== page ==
Chorionic Villus Sampling is an alternative to amniocentesis. At some point it will probably replace amniocentesis completely.
This test must be done between the 9th and 11th weeks. A catheter is inserted through the cervix and a small amount of chorionic villi tissue is sucked into the catheter by a syringe at the other end. Chorionic villi is tissue that will develop into the placenta. The entire procedure is monitored by ultrasound. The results of the test can be obtained in 2 to 4 days. However, the risk of miscarriage is slightly higher than amniocentesis, 3 out of every 200 procedures.(1)
Possible problems include damage to the embryo, miscarriage, cervical lacerations, hemorrhage, and infection. Women who are DES daughters or other women at risk for cervical abnormalities should be aware of the risks of having instruments forced through the cervix, a possible cause of loose (incompetent) cervix later in pregnancy. CVS is contraindicated in cases of vaginal infection, Rh sensitization, multiple gestation, or a markedly retroflexed uterus. Rh negative women risk mixing of the maternal and fetal blood supply. (1)
Beginning in 1991, there were reports of infants born with serious limb deficiencies, and sometimes other birth defects (hemangiomas and cranial nerve palsies), who had been exposed to the CVS procedure. There is now an organization called The Chorionic Villus Sampling Birth Defects Registry, hosted by Harvard University, and this group of people is collecting information from those who have had children born with birth defects who were exposed to this sampling procedure. They hope to learn more about the nature of the effects of Chorionic Villus Sampling. The World Health Organization also maintains an International Registry of CVS procedures.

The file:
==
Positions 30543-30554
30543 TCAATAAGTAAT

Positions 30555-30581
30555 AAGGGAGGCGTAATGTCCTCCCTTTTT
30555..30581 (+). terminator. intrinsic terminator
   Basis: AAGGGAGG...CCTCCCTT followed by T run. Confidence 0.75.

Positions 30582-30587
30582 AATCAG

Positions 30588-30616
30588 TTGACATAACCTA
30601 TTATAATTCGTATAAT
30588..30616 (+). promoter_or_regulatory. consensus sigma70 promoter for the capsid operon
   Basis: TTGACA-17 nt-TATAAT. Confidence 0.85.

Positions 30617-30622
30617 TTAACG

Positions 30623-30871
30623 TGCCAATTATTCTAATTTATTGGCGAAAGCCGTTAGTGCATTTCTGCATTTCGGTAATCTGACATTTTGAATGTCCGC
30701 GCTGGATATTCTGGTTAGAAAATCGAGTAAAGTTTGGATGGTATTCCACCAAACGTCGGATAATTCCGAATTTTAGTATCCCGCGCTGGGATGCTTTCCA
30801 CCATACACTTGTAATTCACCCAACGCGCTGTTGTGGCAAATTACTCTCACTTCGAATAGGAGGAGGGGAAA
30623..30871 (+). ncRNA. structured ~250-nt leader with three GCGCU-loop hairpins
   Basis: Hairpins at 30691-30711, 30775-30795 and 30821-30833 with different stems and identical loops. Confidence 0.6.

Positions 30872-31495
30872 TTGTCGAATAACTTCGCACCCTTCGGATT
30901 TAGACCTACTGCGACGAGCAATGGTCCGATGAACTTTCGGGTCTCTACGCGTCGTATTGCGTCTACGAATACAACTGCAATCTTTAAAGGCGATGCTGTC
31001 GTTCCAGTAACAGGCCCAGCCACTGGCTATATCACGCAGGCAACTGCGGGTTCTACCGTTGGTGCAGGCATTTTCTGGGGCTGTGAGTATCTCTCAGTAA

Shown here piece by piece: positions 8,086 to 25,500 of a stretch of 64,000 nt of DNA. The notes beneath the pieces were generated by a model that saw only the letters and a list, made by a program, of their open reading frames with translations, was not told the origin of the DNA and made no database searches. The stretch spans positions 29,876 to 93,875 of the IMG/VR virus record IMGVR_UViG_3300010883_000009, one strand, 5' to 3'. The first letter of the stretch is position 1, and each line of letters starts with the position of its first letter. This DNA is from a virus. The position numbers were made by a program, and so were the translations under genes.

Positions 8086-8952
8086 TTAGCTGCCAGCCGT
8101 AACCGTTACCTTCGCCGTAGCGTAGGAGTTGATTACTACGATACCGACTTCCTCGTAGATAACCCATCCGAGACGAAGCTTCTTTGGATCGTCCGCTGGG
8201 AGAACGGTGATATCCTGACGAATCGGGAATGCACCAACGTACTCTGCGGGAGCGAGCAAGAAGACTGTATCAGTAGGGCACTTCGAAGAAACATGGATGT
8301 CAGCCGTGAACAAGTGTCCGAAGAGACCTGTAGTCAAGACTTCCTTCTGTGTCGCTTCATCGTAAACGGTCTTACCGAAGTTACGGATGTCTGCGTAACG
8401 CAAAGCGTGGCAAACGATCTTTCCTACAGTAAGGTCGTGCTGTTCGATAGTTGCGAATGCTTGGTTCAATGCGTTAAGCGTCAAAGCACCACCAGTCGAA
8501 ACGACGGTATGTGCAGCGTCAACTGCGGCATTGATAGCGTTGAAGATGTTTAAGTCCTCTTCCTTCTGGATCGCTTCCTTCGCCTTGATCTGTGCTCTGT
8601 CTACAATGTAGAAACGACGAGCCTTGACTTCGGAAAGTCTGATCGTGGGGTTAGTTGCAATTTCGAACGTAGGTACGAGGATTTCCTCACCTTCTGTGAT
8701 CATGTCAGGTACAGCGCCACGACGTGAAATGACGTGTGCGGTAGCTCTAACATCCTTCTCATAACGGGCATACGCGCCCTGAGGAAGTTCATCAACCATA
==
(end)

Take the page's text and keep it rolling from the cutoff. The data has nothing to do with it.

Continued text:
Population-based studies seem to indicate a rate of 5-6 cases of malformations per 10,000 live births (2). (What about those that weren't born live, but still had this defect? That would make the rate higher.) The rate of malformation is higher when the gestational age is lower. This makes being sure of your dates absolutely imperative. The risk is greatest when done at less than 10 weeks gestation, and this can involve limb malformation, missing fingers and toes, and malformation of the the mouth and jaw. When done at greater than 10 weeks gestation, malformations seem to be confined to fingers and toes, but this is no consolation. So your baby will be missing just a finger or toe instead of a leg. Does that make it OK?
Amniocentesis and Chorionic Villus Sampling are only offered to women who are:
1. Over 35 years of age, to test for spina bifida and Down's Syndrome.
2. Women with history of birth defects in previous pregnancies or family history.
The only reason these tests are offered is so that they can then offer you an abortion to terminate the pregnancy. This is the only reason to offer these tests, because there is little or nothing that can be done about these conditions in-utero.
By the way, 80% of down syndrome babies are born to women under 35 years of age!
1. Taken from "Understanding Lab Work in the Childbearing Year" 4th Edition, by Anne Frye, 1990.
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